“If you believe they were abused ... tell them to make their claim against the US government,” said John O’Connor, defense attorney for Reston, Virginia-based military contractor CACI, during closing arguments at the civil trial in federal court. “Why didn’t they sue the people who actively abused them?”
The lawsuit brought by the three former Abu Ghraib detainees marks the first time a US jury has weighed claims of abuse at the prison, which was the site of a worldwide scandal 20 years ago when photos became public showing US soldiers smiling as they inflicted abusive and humiliating treatment on detainees in the months after the US invasion and occupation of Iraq.
The suit alleges that civilian interrogators supplied by CACI to Abu Ghraib contributed to the torture the plaintiffs by conspiring with military police to “soften up” detainees for interrogations.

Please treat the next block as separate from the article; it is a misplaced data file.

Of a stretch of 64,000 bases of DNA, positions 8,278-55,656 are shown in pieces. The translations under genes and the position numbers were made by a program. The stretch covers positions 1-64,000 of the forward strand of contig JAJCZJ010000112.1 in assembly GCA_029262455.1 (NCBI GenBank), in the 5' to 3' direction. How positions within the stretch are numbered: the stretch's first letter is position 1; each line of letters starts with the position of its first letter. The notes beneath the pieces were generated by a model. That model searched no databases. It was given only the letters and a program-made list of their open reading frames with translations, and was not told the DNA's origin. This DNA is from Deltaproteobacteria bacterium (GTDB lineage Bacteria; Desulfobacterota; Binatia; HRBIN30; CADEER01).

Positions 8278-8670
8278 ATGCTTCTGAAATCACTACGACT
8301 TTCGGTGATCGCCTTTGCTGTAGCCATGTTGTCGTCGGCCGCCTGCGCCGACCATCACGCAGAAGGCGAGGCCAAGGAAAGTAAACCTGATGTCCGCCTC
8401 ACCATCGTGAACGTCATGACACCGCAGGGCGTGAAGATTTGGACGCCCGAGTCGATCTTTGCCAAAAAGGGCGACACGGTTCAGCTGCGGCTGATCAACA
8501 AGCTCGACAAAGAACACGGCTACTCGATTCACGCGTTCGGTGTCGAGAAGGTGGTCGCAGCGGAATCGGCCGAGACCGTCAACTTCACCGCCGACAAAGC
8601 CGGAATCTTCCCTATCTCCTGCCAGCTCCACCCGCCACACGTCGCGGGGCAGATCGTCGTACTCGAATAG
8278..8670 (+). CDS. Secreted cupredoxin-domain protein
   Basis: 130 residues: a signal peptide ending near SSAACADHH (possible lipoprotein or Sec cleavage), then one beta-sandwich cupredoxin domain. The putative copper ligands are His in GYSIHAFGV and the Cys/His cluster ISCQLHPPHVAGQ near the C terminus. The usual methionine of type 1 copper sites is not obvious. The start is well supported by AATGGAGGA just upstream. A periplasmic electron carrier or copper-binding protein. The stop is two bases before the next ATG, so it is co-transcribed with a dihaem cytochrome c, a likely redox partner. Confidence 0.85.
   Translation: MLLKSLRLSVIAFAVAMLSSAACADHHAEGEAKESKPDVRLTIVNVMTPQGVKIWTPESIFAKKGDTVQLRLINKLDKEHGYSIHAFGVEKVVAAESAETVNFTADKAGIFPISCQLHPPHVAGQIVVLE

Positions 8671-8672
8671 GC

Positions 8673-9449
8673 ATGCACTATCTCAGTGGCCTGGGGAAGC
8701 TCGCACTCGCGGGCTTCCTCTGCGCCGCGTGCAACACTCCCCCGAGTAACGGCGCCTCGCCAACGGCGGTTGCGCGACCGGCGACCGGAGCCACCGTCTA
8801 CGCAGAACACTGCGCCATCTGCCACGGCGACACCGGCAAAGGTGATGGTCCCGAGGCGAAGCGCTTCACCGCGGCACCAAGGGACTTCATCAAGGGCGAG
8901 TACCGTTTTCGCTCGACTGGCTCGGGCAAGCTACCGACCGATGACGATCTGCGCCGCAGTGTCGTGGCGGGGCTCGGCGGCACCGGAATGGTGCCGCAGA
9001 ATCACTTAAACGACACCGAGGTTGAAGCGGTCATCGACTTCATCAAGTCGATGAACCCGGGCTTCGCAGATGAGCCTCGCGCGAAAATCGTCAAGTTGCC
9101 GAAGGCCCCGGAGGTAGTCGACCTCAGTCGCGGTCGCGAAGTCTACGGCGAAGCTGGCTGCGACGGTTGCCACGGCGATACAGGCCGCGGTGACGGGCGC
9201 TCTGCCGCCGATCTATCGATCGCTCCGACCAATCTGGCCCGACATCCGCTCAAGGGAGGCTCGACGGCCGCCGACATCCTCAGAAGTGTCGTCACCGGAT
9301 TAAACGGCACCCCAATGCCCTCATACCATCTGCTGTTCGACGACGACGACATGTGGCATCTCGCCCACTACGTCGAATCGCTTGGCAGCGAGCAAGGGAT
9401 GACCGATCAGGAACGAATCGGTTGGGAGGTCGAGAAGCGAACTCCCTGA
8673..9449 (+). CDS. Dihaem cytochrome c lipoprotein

CACI, in its closing arguments, relied in part on a legal theory known as the “borrowed servant doctrine,” which states an employer can’t be liable for its employees’ conduct if another entity is controlling and directing those employees’ work.
In this case, CACI says the Army was directing and controlling its employees in their work as interrogators.
Lawyers for the plaintiffs disputed that CACI relinquished control of its interrogators to the Army. At trial, they introduced evidence that CACI’s contract with the Army required CACI to supervise its own employees. Jurors also saw a section of the Army Field Manual that pertains to contractors and states that “only contractors may supervise and give direction to their employees.
Muhammad Faridi, one of the plaintiffs’ lawyers, told jurors that the case is simpler than CACI’s lawyers are trying to make it.
He said that if CACI interrogators conspired with military police to inflict abuse on detainees to soften them up for interrogations, then the jury can find CACI liable even if CACI interrogators never themselves inflicted abuse on any of the three plaintiffs.